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How To Identify Run Flat Tyres: Traits + Markings + Look

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Learning how to identify run flat tyres is a matter of checking three different parts of your car. Here are their traits, markings, and overall appearance.

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  • How To Identify Run Flat Tyres: Traits + Markings + Look

Run flat tyres differ from other models or designs because of their reinforced sidewalls. In the event of a puncture, they can still operate for a time without blowing out, bending the wheel well, or going flat. This provides you with additional time to reach a tyre repair centre.

While they're more expensive, run flats do have many advantages that offset the cost and add value to your driving experience. As such, if you've purchased your car second-hand, it's worthwhile knowing if you already have run flat tyres.

This can provide you with peace of mind, should you puncture a tyre. Instead of pulling over and calling for road-side assistance, you can safely drive to the nearest garage instead. On the flipside, if you believe you have run flat tyres and don't, you may continue to drive on the deflated tyre and hurt your car's suspension, wheel wells, or even lose control of the vehicle.

Just as importantly, if one tyre does need a replacement, you will need to purchase another run flat tyre to match the others, or replace your full set to normal tyres. Mix-matching tyres is not only dangerous, but often illegal. So, how can you tell which tyres you have?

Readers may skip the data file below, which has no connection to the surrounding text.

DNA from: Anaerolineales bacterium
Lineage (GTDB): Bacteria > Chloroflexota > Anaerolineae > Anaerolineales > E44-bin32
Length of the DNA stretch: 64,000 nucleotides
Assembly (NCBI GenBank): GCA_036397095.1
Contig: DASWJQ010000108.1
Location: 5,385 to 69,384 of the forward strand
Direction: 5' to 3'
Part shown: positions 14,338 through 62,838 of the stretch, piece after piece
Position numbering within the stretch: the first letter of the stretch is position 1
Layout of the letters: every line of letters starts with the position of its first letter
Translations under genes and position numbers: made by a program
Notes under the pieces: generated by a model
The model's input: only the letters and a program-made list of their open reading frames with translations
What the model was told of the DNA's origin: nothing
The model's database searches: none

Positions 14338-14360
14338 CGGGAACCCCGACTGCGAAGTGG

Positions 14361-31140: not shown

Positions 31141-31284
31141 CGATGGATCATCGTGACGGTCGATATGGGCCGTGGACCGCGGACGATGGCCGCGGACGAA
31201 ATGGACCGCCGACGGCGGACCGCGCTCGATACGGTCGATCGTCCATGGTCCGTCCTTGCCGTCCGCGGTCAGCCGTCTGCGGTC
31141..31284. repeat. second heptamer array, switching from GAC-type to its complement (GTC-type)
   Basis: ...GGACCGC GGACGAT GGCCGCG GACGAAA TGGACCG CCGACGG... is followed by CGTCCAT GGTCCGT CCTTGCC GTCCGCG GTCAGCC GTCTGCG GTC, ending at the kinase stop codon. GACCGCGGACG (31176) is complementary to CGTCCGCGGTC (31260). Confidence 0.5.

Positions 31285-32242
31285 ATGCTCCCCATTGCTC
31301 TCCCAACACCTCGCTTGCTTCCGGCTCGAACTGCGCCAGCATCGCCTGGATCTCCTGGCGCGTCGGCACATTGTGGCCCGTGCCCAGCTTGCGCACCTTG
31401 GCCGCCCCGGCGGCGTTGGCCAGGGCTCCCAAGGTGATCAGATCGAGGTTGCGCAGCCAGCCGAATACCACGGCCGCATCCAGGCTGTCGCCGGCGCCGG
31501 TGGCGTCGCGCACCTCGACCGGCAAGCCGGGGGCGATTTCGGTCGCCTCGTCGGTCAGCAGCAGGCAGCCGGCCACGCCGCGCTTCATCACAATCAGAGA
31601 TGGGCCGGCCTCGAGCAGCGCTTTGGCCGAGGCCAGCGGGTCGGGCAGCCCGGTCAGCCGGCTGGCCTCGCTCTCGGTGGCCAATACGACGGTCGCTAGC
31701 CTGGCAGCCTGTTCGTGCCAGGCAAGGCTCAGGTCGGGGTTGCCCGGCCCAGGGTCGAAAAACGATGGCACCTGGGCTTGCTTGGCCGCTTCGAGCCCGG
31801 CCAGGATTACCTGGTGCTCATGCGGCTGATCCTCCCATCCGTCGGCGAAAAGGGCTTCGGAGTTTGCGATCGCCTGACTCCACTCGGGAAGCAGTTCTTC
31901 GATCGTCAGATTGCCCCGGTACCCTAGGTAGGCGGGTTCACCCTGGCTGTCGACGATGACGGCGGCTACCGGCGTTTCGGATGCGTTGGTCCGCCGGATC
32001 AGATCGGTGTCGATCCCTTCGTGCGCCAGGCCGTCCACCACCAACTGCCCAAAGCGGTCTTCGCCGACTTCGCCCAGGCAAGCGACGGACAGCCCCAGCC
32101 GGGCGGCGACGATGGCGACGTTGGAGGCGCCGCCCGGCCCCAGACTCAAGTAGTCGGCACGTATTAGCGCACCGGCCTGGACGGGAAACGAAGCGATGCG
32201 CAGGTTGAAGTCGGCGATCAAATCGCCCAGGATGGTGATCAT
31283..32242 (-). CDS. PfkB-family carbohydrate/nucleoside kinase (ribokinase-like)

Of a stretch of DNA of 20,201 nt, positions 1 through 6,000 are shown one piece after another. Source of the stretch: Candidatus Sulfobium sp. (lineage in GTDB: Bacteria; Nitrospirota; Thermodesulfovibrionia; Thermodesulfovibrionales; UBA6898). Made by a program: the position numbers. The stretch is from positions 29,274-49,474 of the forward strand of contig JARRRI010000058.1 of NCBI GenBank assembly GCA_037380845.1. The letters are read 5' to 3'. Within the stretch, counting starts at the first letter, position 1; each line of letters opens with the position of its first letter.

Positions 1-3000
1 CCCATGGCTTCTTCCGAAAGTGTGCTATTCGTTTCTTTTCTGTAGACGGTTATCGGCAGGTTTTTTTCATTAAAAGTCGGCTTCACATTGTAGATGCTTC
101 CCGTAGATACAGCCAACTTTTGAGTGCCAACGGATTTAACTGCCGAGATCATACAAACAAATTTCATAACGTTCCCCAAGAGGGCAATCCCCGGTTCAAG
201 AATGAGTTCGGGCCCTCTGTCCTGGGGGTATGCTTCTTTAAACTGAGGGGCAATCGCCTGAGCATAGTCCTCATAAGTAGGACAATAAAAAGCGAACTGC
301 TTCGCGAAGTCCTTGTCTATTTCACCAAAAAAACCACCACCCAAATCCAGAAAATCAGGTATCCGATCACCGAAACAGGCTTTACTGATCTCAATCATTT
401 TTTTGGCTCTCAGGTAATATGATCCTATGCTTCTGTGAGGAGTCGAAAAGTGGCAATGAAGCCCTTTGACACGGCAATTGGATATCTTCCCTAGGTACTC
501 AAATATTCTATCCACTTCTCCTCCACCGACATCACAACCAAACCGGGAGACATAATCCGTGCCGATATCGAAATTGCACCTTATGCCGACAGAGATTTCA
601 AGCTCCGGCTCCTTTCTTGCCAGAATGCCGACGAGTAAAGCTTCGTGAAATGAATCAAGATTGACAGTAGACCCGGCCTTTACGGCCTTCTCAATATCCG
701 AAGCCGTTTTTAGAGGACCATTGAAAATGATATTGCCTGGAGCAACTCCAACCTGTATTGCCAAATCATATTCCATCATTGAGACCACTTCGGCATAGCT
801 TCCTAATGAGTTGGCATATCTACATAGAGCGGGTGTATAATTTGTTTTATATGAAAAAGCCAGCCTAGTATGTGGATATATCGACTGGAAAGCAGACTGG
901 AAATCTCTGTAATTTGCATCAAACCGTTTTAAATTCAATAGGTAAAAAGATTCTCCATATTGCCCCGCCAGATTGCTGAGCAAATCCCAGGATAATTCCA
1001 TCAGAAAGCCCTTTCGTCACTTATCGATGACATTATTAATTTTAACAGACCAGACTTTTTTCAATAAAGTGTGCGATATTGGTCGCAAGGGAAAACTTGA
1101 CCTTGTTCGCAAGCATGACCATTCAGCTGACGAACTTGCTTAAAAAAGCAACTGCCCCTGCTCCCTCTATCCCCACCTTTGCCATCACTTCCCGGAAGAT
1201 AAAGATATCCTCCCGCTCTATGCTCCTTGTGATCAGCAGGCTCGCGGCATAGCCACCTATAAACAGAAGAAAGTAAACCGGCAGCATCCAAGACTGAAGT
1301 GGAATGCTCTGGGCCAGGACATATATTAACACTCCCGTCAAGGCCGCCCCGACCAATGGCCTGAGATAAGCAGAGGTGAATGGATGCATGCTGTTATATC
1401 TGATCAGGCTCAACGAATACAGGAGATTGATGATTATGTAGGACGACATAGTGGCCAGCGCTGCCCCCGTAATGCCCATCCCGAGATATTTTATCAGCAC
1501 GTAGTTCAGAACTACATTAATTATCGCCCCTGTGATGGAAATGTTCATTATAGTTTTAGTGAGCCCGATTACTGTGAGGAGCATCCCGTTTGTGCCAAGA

Here's how to identify run flat tyres by yourself:

Check If You Have A Spare Wheel

If you own run flat tyres, you don't need to carry a spare wheel. After all, they can be driven even when punctured, which eliminates the stress of needing to change a wheel at the roadside. As such, if you do find a spare wheel in your car, it's likely that your car is fitted with normal tyres.

Note that run flats cannot be repaired. Their design and tread thickness mean that they survive well enough to reach a garage, but their structure weakens if damaged. Patch jobs cannot return a run flat tyre to its original strength, so it becomes dangerous to repair and continue driving on them.

Look At The Markings On The Tyre

Of course, the spare tyre may have been used and not replaced in your car. That makes this second check necessary.

Look over the markings on each of your tyres. Depending on the brand, run flat tyres will be marked with one of these three codes:

  • ROF : Used by brands like Goodyear, Bridgestone, and Dunlop. It stands for "Run On Flat."
  • EMT : Also used by Goodyear. It stands for "Extended Mobility Technology."
  • ZP or ZPS : Used by Michelin, Yokohama, and a few others. It stands for "Zero Pressure System."

All three markings are essentially the same; your tyres can be used while punctured for up to 50 miles (when kept under 50 mph). Be sure to note this limit, however. Using run flats for longer distances and at greater speeds may result in dangerous splitting or blowouts.

Check Your Owner's Manual

Some modern cars are equipped with run-flat tyres automatically. As such, you can check the owner's manual to see if it details the current or recommended tyres for your car. This won't tell you if a previous owner modified the tyres, but it can make it clear if your manufacturer installed them.

Need Help Identifying Your Tyres?

If you're still struggling to tell the kind of tyres you own, reach out to the experts at Autofusion. We're happy to evaluate the tyres, explain the design, model, or manufacturer they apply to, and help you replace them if necessary. Our expert mechanics are here to help.